Kosovo, the site of a bloody battle between Serbs and Turks in 1389, is hallowed ground to Serbs. They say they are fighting terrorists who are trying to rob them of ancestral lands.
Most Kosovar Albanians want Kosovo, which is 90 percent ethnic Albanian, to become an independent state.
"The Serbian people, we lost the battle of Kosovo 94 years before Columbus set sail for America," says Stojsic. "The Serbians were occupied by the Ottoman Turks for two and a half times longer than the United States has existed. There are churches in Kosovo that are older than the Islamic religion, from before Mohammed was born. These churches are just ancient. There is nothing there that's Albanian that shows any kind of historical tie to them. Kosovo is like the most holy Serbian place there is."
Then how does he feel about the plight of the Albanian refugees? The killing?
"Oh, it's terrible. And now with the NATO bombing, everyone is leaving. Nobody wants to stay there and get bombed. From 40,000 feet you can't tell a Serbian from an Albanian. Just a little bit ago on TV they showed 30,000 Serbians leaving Kosovo and a bunch of Gypsies and Turks. It's not just the Albanians leaving."
How does he explain the murders, the systematic slaughtering of unarmed citizens? The Bosnian Serbs committing mass murders to "ethnically cleanse" Muslims and Croats from Bosnia earlier this decade?
"It just so untrue. If you want an independent source, get someone who was actually there," Stojsic says. "I wasn't there. But I know the war crimes were on all sides. Whoever was basically a minority in a certain area got the brunt of the attacks."
Natasa asks, "Why don't they report the Serbian genocide? Do you know how many of my friends who have called me crying, saying that their family was slaughtered? This is so deep-rooted. Back in World War II, the Croats killed a million and a half Serbs. That was never widely reported. We are not waging war on anybody. This is a civil war. We are for the common cause of Kosovo. We will all give for Kosovo. I will personally give my blood for Kosovo. We are all like that. I mean, nobody likes to see children [killed] like that, and that doesn't matter what race you are. We are not cruel."
Then who are the Serbs fighting?
"NATO. When somebody drops a bomb on you, aren't you going to defend yourself? We are not waging war on anybody," she says.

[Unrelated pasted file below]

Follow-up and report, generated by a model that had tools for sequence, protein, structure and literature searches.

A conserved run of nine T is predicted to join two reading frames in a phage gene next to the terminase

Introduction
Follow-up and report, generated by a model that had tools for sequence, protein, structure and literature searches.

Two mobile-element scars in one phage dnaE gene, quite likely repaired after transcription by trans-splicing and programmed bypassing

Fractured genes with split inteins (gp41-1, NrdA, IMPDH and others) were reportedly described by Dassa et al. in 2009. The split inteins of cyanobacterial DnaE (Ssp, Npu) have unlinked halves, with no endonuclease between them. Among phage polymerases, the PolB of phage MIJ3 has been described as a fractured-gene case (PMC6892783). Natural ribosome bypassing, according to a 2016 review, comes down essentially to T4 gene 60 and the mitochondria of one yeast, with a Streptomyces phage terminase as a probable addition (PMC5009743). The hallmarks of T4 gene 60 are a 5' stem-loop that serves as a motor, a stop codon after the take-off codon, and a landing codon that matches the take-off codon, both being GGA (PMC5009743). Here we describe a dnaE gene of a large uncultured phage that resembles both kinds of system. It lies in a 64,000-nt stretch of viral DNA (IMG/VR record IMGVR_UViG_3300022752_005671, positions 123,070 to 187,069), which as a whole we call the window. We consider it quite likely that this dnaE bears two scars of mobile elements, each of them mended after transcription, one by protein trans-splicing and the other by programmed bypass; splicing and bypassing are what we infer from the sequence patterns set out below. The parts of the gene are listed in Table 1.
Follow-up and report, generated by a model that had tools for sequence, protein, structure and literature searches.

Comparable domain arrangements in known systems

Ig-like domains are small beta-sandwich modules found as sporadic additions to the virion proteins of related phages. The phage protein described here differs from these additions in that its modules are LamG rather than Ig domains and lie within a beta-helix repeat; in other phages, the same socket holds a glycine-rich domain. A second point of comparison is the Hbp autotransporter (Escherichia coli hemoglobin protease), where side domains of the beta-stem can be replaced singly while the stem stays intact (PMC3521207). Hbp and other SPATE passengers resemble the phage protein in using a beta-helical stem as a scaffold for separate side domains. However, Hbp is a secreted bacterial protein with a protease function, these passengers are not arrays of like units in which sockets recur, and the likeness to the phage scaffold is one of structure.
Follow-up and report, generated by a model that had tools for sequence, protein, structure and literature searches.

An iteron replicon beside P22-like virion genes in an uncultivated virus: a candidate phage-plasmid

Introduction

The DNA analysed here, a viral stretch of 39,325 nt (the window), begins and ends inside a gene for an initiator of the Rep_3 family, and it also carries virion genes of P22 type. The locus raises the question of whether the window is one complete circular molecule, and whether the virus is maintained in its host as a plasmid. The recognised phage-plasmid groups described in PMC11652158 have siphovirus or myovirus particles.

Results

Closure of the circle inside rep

The Serb campaign to rid Kosovo of its ethnic Albanian majority began in small villages, then reached the cities and finally the province's capital, Pristina, which some refugees describe as a "ghost town."
"We have no problem with Albanians," says Natasa, "the misinformation here is that it's about religion, and it's about land. We don't care; Albanians can live there. The only reason that there is war now is because they [Albanians] want to declare Kosovo part of Albania."
"The Serbian thing," says Stojsic, "the whole war in Kosovo right now is Albanian terrorists have been attacking Serbian police and Serbian armies."
Does Stojsic feel any animosity from his co-workers, from people driving past while he protests on the street? Anybody threaten him because of his Serbian genealogy?
"No, not at all," he says. "Everyone's pretty cool. Everyone has their own opinion and stuff. And just about everyone I talk to doesn't believe that American troops should be over there. Half the people don't even know where it is, and to them the president has made a clear point as to why they are there. People tell me on the streets, the general American population, 'We support our troops, but we fear Clinton.'"
How does he get his information?
"Over the Internet. We have a Serbian Internet network. We just get all kinds of different news from all these different countries. Wherever there is a Serbian church, wherever there is a Serbian community, every night they are doing the exact same thing [protesting]. Not only in America and Canada, but South America, Australia, New Zealand and all over Europe."
How big is the Serbian-American community here?
"There is between five and seven thousand of us. Every Serbian group in Phoenix is in on the protesting. And we'll keep it up as long as the bombing's going on."
How long does he think this conflict will continue?
"You never know with Clinton; he doesn't have any foreign policy. So whatever the polls say, he is going to go with."
Will there have to be a partitioning of Kosovo on the part of Serbia for this to resolve?
"A partitioning? Yes, maybe. The two sides need to get together.
"NATO is a defensive alliance, and Yugoslavia and none of that area except for Greece is a member of NATO. And if anyone attacked a NATO country, I'd be all for them bombing."
When all is said and done, does Stojsic take pride in being an American?
"Oh yeah, absolutely.